The Italeri kit comes in large size box that seems to be in vogue these days, while it's sized to fit the largest sprue the remaining sprues are considerably smaller so there ends up being a lot of empty space in the box. The box is a top open tray type box of thin card stock so not overly sturdy with nice artwork on the front. Inside the box one finds three separate bags with the main sprues and one small one with the clear parts. The largest sprue is bagged by itself, the other two bags have two sprues in each, one has the two sprues with the wing halves and the other has two identical sprues. There is also a small fret of photo etch in a plastic sleeve.

The kit is molded in a light gray color. The parts for the most part are crisply molded with some light flash here and there and mold separation lines are light. The surface detail consists of recessed panel lines and rivets. The panel lines are oversized for the scale, better than the Sunderland from Italeri but still a bit deep. The rivets on the other hand could have been left off altogether as they are way too big and not uniform, some on curved surfaces are more tear drop in shape. They are also not uniform across the surface with some being sharply molded and others rather soft. Hopefully a couple heavy coats of primer will help subdue them. I found several surface defects on the fuselage halves, there are sink marks on the sides where alternative window openings are located but these get cut open later and a couple on the top and bottom where alignment hole structure is molded on the inside. The rivets will make filling these spots an issue. The rivets on the wings seemed more uniform and I found no surface defects on them. The fuselage has internal structure molded in and although there are some ejector pin marks it appears that most are located where they won't be seen.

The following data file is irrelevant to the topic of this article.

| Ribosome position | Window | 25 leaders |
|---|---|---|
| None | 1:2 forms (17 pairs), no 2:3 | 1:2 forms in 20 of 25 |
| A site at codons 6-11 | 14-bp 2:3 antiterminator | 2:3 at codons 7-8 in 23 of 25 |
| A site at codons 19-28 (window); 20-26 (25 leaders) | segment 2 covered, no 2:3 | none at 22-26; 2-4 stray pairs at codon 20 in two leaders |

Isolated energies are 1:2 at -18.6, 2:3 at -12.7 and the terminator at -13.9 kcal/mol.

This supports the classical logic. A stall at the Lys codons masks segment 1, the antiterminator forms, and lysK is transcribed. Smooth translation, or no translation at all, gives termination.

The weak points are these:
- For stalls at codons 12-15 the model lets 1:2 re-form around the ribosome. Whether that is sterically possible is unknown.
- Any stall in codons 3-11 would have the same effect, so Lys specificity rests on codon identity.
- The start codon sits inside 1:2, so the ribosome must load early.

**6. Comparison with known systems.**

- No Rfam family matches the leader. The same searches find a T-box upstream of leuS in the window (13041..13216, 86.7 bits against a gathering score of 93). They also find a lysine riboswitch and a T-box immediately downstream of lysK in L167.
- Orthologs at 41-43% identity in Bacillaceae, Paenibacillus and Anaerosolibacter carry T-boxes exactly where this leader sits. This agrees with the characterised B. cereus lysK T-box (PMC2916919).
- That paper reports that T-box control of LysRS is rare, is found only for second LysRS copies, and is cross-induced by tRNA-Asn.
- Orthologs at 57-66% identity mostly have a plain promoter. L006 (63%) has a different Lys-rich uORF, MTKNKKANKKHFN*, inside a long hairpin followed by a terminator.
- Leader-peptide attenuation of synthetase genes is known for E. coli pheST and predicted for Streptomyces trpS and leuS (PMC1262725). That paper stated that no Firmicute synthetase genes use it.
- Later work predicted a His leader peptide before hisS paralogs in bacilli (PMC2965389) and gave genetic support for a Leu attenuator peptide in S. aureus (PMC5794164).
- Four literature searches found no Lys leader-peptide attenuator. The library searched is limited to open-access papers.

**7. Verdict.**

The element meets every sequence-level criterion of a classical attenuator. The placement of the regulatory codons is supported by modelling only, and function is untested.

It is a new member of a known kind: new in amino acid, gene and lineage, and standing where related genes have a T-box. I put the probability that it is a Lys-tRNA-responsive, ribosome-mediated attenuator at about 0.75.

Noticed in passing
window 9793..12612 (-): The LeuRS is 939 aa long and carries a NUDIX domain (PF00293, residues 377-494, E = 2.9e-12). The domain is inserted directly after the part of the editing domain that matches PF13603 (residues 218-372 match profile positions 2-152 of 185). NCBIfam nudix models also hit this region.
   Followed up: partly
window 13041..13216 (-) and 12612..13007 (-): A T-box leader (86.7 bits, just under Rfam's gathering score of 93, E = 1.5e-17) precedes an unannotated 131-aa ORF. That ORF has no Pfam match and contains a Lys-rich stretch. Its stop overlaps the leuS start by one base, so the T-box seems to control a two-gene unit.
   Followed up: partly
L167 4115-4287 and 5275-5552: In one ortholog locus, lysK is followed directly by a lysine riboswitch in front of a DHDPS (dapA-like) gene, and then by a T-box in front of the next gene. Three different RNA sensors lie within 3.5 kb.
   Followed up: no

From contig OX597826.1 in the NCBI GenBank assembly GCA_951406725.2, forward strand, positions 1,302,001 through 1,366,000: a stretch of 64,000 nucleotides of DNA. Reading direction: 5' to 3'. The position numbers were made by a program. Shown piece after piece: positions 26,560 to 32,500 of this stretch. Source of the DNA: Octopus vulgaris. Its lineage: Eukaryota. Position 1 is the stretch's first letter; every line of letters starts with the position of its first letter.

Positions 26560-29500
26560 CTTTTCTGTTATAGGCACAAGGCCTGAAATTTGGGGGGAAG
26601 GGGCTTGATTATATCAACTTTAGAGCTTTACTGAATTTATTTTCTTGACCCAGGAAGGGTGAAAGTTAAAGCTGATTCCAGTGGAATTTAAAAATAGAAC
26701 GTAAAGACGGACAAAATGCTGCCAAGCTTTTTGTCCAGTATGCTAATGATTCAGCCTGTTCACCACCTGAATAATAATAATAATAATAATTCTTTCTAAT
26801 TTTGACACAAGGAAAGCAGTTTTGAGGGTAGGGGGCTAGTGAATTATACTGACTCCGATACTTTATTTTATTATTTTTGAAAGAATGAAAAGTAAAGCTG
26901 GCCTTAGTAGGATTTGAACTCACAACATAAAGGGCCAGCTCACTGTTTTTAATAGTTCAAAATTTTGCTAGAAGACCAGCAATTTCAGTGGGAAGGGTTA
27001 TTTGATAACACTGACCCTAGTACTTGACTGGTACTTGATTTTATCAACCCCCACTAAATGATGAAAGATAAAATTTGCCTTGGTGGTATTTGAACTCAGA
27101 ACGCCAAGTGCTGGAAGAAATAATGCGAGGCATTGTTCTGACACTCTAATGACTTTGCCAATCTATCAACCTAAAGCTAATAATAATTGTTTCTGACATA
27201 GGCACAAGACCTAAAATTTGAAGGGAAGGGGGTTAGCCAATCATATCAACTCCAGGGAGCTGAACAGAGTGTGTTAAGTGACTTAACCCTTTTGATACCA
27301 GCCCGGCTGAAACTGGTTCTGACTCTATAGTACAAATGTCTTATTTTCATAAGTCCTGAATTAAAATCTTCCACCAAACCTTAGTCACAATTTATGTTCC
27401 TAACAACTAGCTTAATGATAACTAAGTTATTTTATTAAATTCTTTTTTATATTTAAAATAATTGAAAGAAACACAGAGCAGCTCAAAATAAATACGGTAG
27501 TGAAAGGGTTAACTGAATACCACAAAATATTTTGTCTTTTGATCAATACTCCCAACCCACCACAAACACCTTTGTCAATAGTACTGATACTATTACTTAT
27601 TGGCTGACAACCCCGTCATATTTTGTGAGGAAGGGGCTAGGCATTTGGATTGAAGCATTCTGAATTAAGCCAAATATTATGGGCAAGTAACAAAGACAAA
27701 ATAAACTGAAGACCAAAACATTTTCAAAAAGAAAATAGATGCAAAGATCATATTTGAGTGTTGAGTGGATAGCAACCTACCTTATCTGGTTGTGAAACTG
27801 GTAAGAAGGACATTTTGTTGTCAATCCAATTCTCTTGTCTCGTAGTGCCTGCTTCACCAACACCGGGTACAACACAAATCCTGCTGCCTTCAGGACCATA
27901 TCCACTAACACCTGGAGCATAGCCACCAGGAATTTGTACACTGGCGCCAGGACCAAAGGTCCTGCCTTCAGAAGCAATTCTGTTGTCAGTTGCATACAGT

The control surfaces with the exception of the flaps are all molded separately. The cockpit area is very nicely detailed back as far as the astro dome on the top although not much will be seen of the last two sections. The small photo etch fret supplies an instrument panel which is layered over a decal, seat restraints, some levers for the throttle quadrant and a couple other details. The photo etch is pretty thick so annealing may be needed especially on the seat restraints. The rear portion of the fuselage is also well detailed again with some photo etch parts and there is an option to leave the crew door open so some of it can be seen if desired. The bomb bay features structural detail and bombs are supplied to fill it. The bomb doors are separate which is great if you want them open but the six full length doors look like they might be problematic getting them all in place if you want them closed. There are also bombs supplied for the bomb cells in the wings and again the bomb doors are supplied separately but these look to be easier to position closed. The turrets are well detailed for the scale and it appears that the front and upper turrets must be installed when closing the fuselage. The rear turret looks like it can be installed later.